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Are you a deep thinker? Problem-solver? Do you live to learn, to discover? Do you love to teach and inform others? Do you dream of benefitting society with your intellect, skills and talents? Answer yes to any of these questions, and you might consider exploring a career in transportation research.


In a nutshell, transportation researchers use the scientific method to solve problems and generate innovations that meet society’s transportation needs for the present and the future. But don’t think it’s all white lab coats and microscopes. While many transportation researchers work in a lab and use specialized equipment, many others work in an office setting using tools like textbooks, the internet, and computer software. Many even travel the world to conduct research in the field: imagine studying in the Alaskan wilderness to determine whether the construction of a pipeline will disturb the local wolf population; or relocating to Hawaii to design a new suspension bridge. In the field of research, you choose your own adventure based on your interests, experience and skills.


Speaking of skills: math and science are essential skills for conducting factual research. They are a transportation researcher’s best tool for separating evidence or proof from speculation. Yet other skills, like the ability to write, to persuade and to communicate ideas to the public, are also incredibly valuable in this field. And curiosity, determination, and attention to detail are second-to-none.


Future transportation researchers should plan to pursue academic degrees beyond high school. Many receive at least a master’s degree, and many also eventually earn their Ph.D. You can learn more about the typical educational and skill requirements for a researcher working in your area of interest by searching online. The cool thing, though, is that the time spent in school is all really part of the job: while you’re in school, you’re also doing research, whether it’s for your academic adviser, or for your own master’s thesis or doctoral dissertation. In other words, you’ll be honing your skills and knowledge while you build your resume before you even enter the job market.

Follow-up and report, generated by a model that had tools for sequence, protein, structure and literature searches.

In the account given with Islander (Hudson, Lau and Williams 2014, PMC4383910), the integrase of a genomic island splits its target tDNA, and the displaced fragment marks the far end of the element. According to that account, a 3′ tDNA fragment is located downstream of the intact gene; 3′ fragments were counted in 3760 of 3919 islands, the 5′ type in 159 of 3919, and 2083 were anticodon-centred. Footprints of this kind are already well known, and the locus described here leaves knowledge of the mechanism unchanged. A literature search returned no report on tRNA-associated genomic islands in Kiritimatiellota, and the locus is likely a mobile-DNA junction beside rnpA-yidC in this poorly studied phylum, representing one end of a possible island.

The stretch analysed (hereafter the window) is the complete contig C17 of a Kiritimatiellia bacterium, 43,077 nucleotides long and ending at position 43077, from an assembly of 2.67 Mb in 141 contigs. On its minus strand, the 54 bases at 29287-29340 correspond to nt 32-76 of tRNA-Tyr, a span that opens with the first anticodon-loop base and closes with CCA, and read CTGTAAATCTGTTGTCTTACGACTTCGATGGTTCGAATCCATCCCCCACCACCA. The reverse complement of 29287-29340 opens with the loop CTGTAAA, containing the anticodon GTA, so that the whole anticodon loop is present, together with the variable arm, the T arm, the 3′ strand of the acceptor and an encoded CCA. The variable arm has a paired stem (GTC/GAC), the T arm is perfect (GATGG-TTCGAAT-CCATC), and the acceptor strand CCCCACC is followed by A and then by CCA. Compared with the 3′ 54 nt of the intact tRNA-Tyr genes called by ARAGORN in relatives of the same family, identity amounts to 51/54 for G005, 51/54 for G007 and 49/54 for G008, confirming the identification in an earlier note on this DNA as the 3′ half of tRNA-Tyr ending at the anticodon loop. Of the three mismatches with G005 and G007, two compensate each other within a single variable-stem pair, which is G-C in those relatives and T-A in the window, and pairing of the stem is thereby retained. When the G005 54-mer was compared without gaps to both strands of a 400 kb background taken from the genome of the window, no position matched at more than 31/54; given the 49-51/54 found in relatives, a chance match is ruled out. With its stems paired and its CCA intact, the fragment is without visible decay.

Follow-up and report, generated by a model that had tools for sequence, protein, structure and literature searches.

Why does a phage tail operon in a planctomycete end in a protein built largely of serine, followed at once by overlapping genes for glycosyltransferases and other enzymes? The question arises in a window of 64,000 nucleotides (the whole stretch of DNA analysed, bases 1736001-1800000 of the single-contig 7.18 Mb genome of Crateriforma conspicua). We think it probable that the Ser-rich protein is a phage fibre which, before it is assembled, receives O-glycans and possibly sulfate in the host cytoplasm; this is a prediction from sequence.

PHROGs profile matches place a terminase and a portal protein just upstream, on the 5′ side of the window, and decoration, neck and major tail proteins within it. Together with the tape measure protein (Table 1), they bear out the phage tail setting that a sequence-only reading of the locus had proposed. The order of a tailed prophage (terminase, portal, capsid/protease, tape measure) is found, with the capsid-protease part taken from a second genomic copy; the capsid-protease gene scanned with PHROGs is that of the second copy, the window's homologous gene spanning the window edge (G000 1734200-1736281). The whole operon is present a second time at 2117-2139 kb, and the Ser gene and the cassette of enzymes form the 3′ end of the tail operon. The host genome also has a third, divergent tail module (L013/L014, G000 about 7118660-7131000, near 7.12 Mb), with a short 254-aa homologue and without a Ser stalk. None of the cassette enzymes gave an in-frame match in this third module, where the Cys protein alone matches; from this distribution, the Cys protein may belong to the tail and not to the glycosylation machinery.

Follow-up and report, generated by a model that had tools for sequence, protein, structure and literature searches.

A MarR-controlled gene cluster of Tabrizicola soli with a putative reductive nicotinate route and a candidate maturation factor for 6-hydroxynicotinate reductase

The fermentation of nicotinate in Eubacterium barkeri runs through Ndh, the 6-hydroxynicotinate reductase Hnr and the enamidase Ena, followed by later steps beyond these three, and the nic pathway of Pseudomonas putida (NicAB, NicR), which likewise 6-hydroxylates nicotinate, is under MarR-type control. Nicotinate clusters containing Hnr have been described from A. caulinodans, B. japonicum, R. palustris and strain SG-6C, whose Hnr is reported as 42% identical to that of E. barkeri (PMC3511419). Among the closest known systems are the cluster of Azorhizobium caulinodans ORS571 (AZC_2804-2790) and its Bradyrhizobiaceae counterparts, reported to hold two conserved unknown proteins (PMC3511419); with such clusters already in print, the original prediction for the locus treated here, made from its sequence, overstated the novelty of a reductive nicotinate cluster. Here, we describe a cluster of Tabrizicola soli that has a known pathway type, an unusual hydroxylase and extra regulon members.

After graduation, transportation researchers have a wide variety of career options. Some enter the private sector as scientists or consultants for private firms or public agencies (example: a civil engineer who studies new, sustainable construction techniques for a state department of transportation). Others have day jobs and continue to conduct research in their free time (example: environmental historian). And many go on to become professors. While they instruct the next generation, professors usually continue to conduct research independently or for local, state or federal public or private agencies, often with the assistance of graduate students. Professors often use their summers to travel, write, and conduct research.


That said, transportation is an incredibly diverse field, and there are an infinite number of questions, challenges, and opportunities—large and small—just waiting for someone like you to tackle. How do we build cleaner cities, safer bridges and better public transit systems? How do we reduce car accidents and end roadway fatalities? Put a stop to pollution? Or how do we make way for new technologies like autonomous vehicles? How do we help developing nations plan and design efficient transportation systems? These and many other questions will be waiting for the next generation of thinkers and innovators. And for those up for the challenge, the sky’s the limit.


“If we all did the things we are really capable of doing, we would literally astound ourselves.” –Thomas Edison. 

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